Fedusa slams Traditional Courts Bill
The draft Traditional Courts Bill, as it stands, is unconstitutional, Fedusa says.
In a presentation to Parliament's security and constitutional development select committee, Federation of Unions of SA (Fedusa) vice president for gender, Martle Keyter, said the bill upheld an unjust patriarchal system which would perpetuate current systems of oppression and discrimination against women.
The committee is currently holding public hearings on the draft legislation.
Keyter said the most distressing aspect was the denial of choice for people living within the boundaries of the traditional courts.
According to the bill, they were are not permitted to opt out of the jurisdiction of a traditional court.
Of specific concern to Fedusa was the assumption in the bill that presiding officers could order free and forced labour as a consequence for what might be considered unacceptable behaviour in the eyes of the traditional courts or leaders.
"This goes against the core mandate of the federation to ensure decent work for all South Africans," she said.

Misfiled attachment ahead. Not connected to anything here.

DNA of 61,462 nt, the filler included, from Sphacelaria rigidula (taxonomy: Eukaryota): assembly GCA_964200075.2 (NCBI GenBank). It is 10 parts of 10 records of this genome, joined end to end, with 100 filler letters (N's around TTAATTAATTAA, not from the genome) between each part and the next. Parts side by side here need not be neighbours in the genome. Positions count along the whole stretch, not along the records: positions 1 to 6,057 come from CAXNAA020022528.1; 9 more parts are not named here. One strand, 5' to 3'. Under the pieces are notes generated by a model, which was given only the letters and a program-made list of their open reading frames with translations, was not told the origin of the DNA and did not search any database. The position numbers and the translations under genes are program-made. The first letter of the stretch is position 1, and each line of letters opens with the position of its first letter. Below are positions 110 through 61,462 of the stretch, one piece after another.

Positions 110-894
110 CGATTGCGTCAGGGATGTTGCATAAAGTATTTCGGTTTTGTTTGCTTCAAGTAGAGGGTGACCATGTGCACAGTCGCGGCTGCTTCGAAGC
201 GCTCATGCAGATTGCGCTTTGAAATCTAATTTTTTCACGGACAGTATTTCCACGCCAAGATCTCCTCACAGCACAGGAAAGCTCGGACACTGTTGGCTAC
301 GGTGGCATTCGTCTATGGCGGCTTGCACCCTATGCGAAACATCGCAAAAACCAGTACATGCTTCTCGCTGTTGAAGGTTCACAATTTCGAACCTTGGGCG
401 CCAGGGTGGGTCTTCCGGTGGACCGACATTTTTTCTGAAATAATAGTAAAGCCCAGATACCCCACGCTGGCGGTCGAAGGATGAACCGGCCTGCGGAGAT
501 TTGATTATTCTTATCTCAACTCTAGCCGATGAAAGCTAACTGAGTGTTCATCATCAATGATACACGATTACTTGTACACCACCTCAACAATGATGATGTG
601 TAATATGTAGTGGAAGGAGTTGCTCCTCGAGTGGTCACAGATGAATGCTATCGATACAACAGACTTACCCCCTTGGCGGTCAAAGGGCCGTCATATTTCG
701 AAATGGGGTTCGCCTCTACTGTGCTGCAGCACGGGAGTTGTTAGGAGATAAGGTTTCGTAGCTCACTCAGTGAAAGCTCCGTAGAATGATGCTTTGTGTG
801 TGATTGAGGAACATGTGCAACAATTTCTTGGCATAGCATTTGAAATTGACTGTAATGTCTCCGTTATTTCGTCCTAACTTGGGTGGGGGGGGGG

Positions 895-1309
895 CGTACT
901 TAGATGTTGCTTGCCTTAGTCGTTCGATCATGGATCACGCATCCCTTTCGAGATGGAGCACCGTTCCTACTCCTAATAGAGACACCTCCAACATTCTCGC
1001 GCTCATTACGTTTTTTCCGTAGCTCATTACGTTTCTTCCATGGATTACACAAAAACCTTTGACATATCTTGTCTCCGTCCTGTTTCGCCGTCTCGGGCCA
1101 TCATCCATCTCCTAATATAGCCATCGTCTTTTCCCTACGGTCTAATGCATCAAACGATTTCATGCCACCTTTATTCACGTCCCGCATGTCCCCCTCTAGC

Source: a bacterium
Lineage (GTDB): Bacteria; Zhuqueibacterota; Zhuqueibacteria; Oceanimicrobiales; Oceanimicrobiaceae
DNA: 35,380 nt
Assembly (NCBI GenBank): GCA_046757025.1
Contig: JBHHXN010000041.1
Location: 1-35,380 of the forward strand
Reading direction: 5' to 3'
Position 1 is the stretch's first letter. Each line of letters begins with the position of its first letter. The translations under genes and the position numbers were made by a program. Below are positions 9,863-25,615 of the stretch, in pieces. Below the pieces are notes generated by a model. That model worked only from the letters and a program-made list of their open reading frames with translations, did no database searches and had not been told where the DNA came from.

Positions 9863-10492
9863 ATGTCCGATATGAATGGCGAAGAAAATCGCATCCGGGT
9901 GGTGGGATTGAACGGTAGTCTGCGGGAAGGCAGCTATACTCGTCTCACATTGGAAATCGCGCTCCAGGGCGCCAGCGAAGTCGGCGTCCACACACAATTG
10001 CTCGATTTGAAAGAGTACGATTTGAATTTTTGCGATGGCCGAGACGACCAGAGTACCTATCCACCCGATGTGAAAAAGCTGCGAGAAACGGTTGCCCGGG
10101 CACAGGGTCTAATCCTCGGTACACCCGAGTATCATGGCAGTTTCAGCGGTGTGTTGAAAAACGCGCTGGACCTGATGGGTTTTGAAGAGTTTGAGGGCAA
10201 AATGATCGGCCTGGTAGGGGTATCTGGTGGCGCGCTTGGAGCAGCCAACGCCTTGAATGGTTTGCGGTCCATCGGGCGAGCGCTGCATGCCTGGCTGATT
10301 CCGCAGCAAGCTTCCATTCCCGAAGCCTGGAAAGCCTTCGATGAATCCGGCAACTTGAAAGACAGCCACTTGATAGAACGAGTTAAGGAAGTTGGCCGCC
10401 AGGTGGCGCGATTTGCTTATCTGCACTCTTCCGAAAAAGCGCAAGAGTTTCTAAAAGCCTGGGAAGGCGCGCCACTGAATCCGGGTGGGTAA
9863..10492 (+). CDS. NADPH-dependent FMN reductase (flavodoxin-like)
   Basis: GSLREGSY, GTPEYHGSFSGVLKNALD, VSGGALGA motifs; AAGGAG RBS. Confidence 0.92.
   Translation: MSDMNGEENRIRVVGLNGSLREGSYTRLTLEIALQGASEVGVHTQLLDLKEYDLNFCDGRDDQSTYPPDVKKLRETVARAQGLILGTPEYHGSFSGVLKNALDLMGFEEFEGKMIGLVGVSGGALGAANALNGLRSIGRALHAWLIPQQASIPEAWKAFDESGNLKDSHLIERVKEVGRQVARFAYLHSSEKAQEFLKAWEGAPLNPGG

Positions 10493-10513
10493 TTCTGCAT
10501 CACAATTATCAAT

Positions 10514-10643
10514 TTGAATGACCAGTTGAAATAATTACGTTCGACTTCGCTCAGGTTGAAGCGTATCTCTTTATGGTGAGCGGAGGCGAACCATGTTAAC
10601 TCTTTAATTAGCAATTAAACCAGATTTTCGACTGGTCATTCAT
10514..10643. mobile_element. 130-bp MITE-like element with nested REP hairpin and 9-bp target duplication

Not only was free and forced labour against the ideals of decent work, but no traditional leader should be given the right to order a punishment that threatened the dignity and well-being of an individual, and therefore imposed on their constitutional rights.
Furthermore, the bill allowed for further entrenchment of the gender inequalities in certain South African communities.
"In South Africa, all legislation should seek to prioritise gender and mainstream it within the system so as to rectify the entrenched inequalities in our society.
"The [bill] should serve a purpose to eradicate previous patriarchal systems that entrenched the mistreatment of women, and provide alternatives that will enable women to have greater access to justice and equal rights."
However, the bill did not achieve this at all. Not least in its assignment of power to only one senior leader, which was usually a male traditional leader, Keyter said.